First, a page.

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Jack J Dongarra and Zizhong Chen (2005)

Algorithm-Based Checkpoint-Free Fault Tolerance for Parallel Matrix Computations on Volatile Resources

University of Tennessee Computer Science Department, Knoxville.

As the desire of scientists to perform ever larger computa- tions drives the size of today’s high performance computers from hundreds, to thousands, and even tens of thousands of processors, node failures in these computers are becoming frequent events. Although checkpoint/rollback-recovery is the typical technique to tolerate such failures, it often intro- duces a considerable overhead, especially when applications modify a large mount of memory between checkpoints. This paper presents an algorithm-based checkpoint-free fault tolerance approach in which, instead of taking check- points periodically, a coded global consistent state of the critical application data is maintained in memory by modi- fying applications to operate on encoded data. Although the applicability of this approach is not so general as the typi- cal checkpoint/rollback-recovery approach, in parallel linear algebra computations where it usually works, because no periodical checkpoint or rollback-recovery is involved in this approach, partial node failures can often be tolerated with a surprisingly low overhead. We show the practicality of this technique by applying it to the ScaLAPACK matrix-matrix multiplication kernel which is one of the most important kernels for ScaLAPACK library to achieve high performance and scalability. We address the practical numerical issue in this technique by proposing a class of numerically good real number erasure codes based on random matrices. Experimental results demon- strate that the proposed checkpoint-free approach is able to survive process failures with a very low performance over- head.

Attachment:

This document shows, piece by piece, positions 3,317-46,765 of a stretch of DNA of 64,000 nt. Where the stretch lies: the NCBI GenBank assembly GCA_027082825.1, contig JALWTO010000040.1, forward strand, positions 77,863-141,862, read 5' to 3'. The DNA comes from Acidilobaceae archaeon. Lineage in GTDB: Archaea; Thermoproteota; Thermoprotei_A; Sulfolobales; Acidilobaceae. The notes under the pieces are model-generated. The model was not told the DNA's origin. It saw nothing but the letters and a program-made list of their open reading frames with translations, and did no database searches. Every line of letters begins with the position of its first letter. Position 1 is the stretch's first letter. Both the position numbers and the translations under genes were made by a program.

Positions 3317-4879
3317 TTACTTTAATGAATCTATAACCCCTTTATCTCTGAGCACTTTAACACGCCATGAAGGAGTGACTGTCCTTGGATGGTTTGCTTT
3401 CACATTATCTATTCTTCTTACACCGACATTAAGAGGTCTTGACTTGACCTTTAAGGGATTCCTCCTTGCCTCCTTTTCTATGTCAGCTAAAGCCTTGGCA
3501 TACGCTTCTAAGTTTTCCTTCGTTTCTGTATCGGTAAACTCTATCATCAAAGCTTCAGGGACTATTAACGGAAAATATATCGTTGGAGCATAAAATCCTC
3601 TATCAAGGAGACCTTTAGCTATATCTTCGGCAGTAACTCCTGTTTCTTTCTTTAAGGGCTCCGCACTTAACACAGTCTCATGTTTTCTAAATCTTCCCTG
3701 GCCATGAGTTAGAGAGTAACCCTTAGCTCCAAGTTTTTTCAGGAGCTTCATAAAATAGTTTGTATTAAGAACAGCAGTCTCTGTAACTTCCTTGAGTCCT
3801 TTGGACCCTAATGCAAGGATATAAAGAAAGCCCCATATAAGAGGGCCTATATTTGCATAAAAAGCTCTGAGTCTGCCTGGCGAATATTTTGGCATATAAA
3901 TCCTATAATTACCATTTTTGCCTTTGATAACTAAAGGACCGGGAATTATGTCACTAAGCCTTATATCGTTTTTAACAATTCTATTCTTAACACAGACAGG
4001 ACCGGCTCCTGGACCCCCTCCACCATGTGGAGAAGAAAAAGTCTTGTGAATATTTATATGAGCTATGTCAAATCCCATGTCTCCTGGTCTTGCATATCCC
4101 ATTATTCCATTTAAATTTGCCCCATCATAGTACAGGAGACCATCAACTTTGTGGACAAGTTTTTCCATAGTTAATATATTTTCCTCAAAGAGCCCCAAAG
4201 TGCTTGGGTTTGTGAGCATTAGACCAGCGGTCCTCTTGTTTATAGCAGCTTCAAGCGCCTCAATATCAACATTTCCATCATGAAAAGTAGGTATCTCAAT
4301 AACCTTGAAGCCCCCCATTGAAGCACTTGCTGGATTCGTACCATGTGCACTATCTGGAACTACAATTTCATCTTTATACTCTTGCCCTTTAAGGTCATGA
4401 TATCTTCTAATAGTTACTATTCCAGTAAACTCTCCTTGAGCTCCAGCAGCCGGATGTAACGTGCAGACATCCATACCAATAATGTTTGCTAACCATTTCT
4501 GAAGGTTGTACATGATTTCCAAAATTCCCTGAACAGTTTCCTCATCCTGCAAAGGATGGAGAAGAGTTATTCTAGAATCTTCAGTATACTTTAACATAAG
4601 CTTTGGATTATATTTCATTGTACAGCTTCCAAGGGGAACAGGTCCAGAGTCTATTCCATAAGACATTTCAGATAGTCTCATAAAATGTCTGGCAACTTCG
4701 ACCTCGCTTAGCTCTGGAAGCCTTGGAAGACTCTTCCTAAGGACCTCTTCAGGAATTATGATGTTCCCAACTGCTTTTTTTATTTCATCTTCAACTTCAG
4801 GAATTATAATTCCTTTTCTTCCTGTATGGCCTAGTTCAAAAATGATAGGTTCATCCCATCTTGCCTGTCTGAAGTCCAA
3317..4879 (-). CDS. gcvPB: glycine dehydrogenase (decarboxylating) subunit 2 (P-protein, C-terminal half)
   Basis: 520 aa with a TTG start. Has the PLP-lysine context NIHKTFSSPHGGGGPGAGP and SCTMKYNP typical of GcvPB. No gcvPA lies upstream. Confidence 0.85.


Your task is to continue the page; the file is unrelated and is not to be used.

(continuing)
∗This research was supported in part by the Los Alamos National Laboratory under Contract No. 03891-001-99 49 and the Applied Mathematical Sciences Research Program of the Office of Mathematical, Information, and Computa- tional Sciences, U.S. Department of Energy under contract DE-AC05-00OR22725 with UT-Battelle, LLC. Permission to make digital or hard copies of all or part of this work for personal or classroom use is granted without fee provided that copies are not made or distributed for profit or commercial advantage and that copies bear this notice and the full citation on the first page. To copy otherwise, to republish, to post on servers or to redistribute to lists, requires prior specific permission and/or a fee. Copyright 200X ACM X-XXXXX-XX-X/XX/XX ...$5.00.
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